INDONESIA: ancient forests fall to plantations of palmoil trees - audio slide show - The New York Times, April 29, 2006
CHINA OLYMPICS 2008: DESTROYING PAPUA'S ANCIENT RAINFORESTS TO RAISE THE OLYMPIC TORCH
Date: Sun, 30 Apr 2006 00:33:28 -0500
ACTION ALERT FORWARD WIDELY!
By Rainforest Portal, project of Ecological Internet, Inc. www.rainforestportal.org/
April 30, 2006
Protest China's Plundering of Ancient Indonesian Rainforests to Build 2008 Olympic Facilities
With two-and-a-half years to go until the start of the 2008 Olympics to be held in Beijing China, the Chinese government has recently placed a $1 billion rush order for endangered rainforest timbers from Indonesia's Papua province to be used in construction for the games. A proposed timber processing factory would industrially harvest 800,000 cubic meters of the famous and threatened merbau (intsia spp) rainforest timbers, to be
exported to China for the construction of sports facilities.
Indonesia's Papua province on the island of New Guinea has some of the world's last remaining large intact rainforests. These rainforests are millions of years old, contain untold biodiversity and evolutionary history, and provide critical regional and global ecosystem processes. An investment of this size will only serve to legitimize and further fuel illegal, highly unsustainable, and ecologically devastating logging, ensuring the destruction of this critically threatened ancient rainforest. It is against the Olympic ideals of bringing "people together in peace to respect universal moral principles" when the events are housed in ancient rainforest timbers of questionable legality and morality. Please insist the Chinese
government commit to hosting an "old-growth, ancient forest free" Olympics. Please take action now at www.rainforestportal.org/alerts/send.asp?id=olympic_timber
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Wednesday, March 22, 2006 5:50 PM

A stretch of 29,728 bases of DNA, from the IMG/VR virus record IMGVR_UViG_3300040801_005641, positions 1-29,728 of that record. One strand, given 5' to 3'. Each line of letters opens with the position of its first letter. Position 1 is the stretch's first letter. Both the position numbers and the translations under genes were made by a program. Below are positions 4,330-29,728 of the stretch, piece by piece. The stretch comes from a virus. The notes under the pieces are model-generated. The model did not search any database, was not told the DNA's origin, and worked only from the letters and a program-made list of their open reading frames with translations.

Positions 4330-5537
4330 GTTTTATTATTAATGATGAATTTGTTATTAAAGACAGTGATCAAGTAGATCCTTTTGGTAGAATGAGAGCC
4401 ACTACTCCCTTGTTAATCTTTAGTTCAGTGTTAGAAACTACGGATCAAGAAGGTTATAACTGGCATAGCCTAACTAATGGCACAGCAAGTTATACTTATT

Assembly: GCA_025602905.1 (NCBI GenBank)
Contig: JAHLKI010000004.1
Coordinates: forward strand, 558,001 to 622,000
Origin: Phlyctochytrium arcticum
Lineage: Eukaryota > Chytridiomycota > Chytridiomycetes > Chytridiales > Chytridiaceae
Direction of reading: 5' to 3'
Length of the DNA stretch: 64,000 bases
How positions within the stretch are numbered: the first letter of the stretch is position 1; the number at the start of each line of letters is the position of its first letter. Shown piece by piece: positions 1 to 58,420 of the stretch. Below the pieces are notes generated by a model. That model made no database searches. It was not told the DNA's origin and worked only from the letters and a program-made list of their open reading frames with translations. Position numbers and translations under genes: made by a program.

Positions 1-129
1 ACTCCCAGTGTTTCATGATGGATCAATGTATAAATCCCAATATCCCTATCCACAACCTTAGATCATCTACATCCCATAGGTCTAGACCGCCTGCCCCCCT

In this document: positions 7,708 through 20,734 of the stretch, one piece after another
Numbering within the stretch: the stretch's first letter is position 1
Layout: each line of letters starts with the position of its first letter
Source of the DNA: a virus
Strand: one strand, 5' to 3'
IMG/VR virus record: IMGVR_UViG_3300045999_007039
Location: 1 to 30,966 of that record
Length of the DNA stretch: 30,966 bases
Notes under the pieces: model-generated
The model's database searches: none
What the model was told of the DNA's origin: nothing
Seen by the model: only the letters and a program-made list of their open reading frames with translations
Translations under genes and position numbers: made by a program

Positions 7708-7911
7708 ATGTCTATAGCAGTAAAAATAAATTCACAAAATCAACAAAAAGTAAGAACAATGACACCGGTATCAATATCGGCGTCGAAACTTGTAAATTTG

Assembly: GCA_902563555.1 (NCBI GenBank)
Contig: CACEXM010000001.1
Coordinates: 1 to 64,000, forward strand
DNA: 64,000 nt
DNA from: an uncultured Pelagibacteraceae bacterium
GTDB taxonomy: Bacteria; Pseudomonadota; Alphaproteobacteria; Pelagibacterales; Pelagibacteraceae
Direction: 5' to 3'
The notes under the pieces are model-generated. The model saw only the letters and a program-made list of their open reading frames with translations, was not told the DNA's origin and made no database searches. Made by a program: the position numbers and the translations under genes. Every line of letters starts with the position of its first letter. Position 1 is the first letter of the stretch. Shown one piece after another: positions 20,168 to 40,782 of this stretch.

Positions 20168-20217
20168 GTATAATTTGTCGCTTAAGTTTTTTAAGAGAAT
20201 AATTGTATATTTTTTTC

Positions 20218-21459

ACTION ALERT PLEASE FORWARD WIDELY!
Massive Gas Pipeline to Pierce the Amazon
By Rainforest Portal, a project of Ecological Internet, Inc.
March 22, 2006
Project Will Devastate South America's Rainforests, Water & Climate
Venezuela, Brazil and Argentina plan to build a massive natural gas pipeline of up to 9,000 km in length from Venezuela to Argentina through Brazil's Amazon rainforest. Construction of the pipeline would be the most ambitious physical infrastructure initiative in South America's history, costing up to $25 billion and taking up to seven years to build. The pipeline would pierce
the heart of the Amazon and ensure its destruction as a large, operable whole. Large areas of pristine rainforests will be destroyed during construction, and new roads will open the rest for colonization by ranchers and loggers.
The multitude of waterways traversing the Amazon will be polluted during construction and inevitable pipeline leaks. The pipeline will contribute to global warming through deforestation and oil production to access the gas. The similar existing Camisea gas pipeline through rainforests in Peru - which was touted as a model of sustainable development, environmental protection and respect for indigenous peoples - offers a cautionary tale of the damage caused by gas pipelines during construction and their operation. In three years of operation is has already experienced five major spills, severely damaging the environment and local communities.
The proposed pipeline is a major threat to the existence of the Amazon rainforest, as well as regional and global ecological sustainability. The leaders of Brazil, Venezuela and Argentina must be called upon to scrap plans for its construction.
Take action now:
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Sr. Nestor Kirchner
President of Argentina
Sr. Luis Inacio Lula da Silva
President of Brazil
Sr. Hugo Chavez
President of Venezuela
I am writing to express grave concerns with plans by Venezuela, Brazil and Argentina to build a massive natural gas pipeline through Brazil's Amazon rainforest. The pipeline would pierce the heart of the Amazon and ensure its destruction as a large, operable whole. It would devastate rainforests, water resources, the climate and indigenous populations across a huge swathe of South America.
The pipeline represents the most antiquated, primitive neo-liberal economic development policy which your governments rally against, and it is economically questionable. Both Brazil and Argentina have gas fields large enough to cover their own domestic demands, it is not clear that Venezuela has the capacity to maintain such a large steady supply of gas, nor that the gas could be offered at a competitive price given the huge investment required.
The similar existing Camisea gas pipeline through rainforests in Peru - which was touted as a model of sustainable development, environmental protection and respect for indigenous peoples - offers a cautionary tale of the damage caused by gas pipelines during construction and their operation. In three years of operation is has already experienced five major spills, severely damaging the environment and local
Given that the proposed pipeline is both economically and ecologically unsustainable, I call upon your governments to immediately cancel planning for its construction.